Can you eat oysters during pregnancy? Here’s what you need to know

The craving for pregnancy is so strange. One minute you’re dreaming of a pint of your favorite Ben & Jerry’s ice cream, and an hour later you’re ready to do anything for steak and mashed potatoes. Perhaps you dream of eating a juicy burger (or two). You may also have food cravings that you once hated. Despise the smell and taste of peanut butter? Well, now that’s something you can’t get enough of. Pregnancy addiction can even make you try new foods like fresh oysters, but then the age-old question arises: Can I even eat this while pregnant?

You’ve probably asked yourself this a lot lately, and rightfully so. Hey, figuring out what is safe and what is not safe to consume during pregnancy, travel. Learning which pain relievers are acceptable during pregnancy takes just as much time and is just as important for you and your baby’s health!

Unfortunately, the answer to the question of whether it is safe for pregnant women to eat oysters is not black and white. On the other hand, the answer will not be a simple “no”. You can eat oysters from time to time during pregnancy, but only if they are cooked in a certain way. Keep reading to find out why and how this happens.

Can you eat oysters during pregnancy?

Let’s start with the good news: you can eat cooked oysters while pregnant. Hooray! Pregnant women can safely consume eight to 12 ounces of low-mercury seafood per week, including cooked oysters, according to the FDA. Keyword? Done. The FDA even recognizes cooked oysters as one of the “best” seafood choices to eat during pregnancy. (Cod, salmon, scallops, shrimp, and tilapia are other foods on this list that should all be properly cooked before eating.) Oysters promote baby’s spinal cord development with an important nutrient called choline. Not to mention that shellfish are also rich in protein, various vitamins and selenium.

As with some foods and drinks during pregnancy (primarily coffee), moderation is key. In the case of oysters, preparation and method of preparation are also decisive. For this reason, the Mayo Clinic states that pregnant women should No eat raw seafood, including raw oysters. This can put you and your baby at risk of developing a potentially life-threatening infection, according to poison control, due to the types of bacteria shellfish encounter in the ocean.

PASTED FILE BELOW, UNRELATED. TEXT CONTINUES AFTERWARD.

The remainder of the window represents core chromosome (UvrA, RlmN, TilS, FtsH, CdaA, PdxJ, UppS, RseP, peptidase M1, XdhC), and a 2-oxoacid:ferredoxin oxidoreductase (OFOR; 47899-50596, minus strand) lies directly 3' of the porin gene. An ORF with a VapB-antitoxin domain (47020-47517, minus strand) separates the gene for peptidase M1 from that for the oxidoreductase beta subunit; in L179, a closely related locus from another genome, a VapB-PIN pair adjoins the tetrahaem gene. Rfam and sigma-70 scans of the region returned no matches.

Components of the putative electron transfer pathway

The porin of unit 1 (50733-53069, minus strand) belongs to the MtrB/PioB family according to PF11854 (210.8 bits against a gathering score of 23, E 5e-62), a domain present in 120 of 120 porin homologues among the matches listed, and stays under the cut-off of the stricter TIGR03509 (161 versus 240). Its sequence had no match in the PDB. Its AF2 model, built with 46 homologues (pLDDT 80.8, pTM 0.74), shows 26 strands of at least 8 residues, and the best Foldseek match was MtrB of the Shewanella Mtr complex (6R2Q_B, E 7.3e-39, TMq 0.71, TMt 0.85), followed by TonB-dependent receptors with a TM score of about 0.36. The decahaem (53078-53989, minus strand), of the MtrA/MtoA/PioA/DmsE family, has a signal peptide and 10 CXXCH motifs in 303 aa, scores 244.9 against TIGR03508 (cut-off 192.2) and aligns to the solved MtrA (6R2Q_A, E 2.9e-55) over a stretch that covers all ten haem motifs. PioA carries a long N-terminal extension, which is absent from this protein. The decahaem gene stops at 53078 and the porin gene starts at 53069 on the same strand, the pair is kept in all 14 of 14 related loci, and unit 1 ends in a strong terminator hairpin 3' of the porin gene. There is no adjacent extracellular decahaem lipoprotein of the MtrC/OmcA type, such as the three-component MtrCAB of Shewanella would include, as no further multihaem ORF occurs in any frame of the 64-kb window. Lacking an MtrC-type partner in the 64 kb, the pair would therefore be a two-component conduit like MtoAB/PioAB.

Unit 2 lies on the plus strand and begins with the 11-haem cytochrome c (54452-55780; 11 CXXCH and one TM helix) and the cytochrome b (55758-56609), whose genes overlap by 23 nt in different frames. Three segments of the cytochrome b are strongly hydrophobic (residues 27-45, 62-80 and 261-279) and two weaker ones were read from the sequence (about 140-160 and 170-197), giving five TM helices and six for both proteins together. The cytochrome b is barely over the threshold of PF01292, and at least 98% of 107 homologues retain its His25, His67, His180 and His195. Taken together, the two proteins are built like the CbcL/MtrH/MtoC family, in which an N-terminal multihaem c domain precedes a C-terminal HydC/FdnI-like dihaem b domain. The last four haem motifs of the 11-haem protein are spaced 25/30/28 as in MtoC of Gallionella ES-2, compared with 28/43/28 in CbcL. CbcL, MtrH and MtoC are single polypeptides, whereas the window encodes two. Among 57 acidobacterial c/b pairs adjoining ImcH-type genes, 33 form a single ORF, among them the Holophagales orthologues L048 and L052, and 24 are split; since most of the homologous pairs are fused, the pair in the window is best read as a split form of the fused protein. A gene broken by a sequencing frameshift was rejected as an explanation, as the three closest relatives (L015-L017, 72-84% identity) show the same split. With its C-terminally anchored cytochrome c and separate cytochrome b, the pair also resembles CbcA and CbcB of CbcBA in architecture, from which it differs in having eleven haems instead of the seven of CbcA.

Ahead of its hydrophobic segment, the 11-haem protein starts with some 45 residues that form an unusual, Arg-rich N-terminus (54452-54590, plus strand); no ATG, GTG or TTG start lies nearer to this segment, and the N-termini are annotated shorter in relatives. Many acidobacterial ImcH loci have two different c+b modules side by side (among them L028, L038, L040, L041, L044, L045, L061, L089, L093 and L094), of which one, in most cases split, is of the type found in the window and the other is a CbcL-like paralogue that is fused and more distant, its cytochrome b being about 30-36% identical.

The Mayo Clinic also notes that consuming too much mercury during pregnancy can “harm your baby’s developing nervous system.” Luckily, oysters are considered one of the “best options” when it comes to seafood during pregnancy as they are low in mercury. The 2020-2025 Dietary Guidelines for Americans suggest no more than two to three servings (8 to 12 ounces or 224 to 336 grams) of “safe” seafood, such as oysters, per week during pregnancy.

The only loophole, or rather takeaway, in all of this is that when shellfish are cooked properly, the bacteria die. So theoretically pregnant can there are oysters. It’s just that oysters must be thoroughly cooked.

How to cook oysters properly?

Oysters can be fried, fried, baked, or boiled. It doesn’t matter which method you choose, as long as the oysters are – for lack of a better word – “well done”. When handling raw seafood, always have a clean work area and wash your hands thoroughly with soap and warm water before and after handling. If the shells of some oysters are already cracked or open, discard them. You wouldn’t boil an egg if the shell was broken, would you?

You can tell that an oyster is ready because its shell will open. Oysters that do not open after boiling in water for about 10 minutes should be discarded. If you choose to fry, fry, or bake fresh oysters, it’s a smart idea to boil them for a few minutes first as a precaution. When in doubt, find a recipe with step by step instructions.

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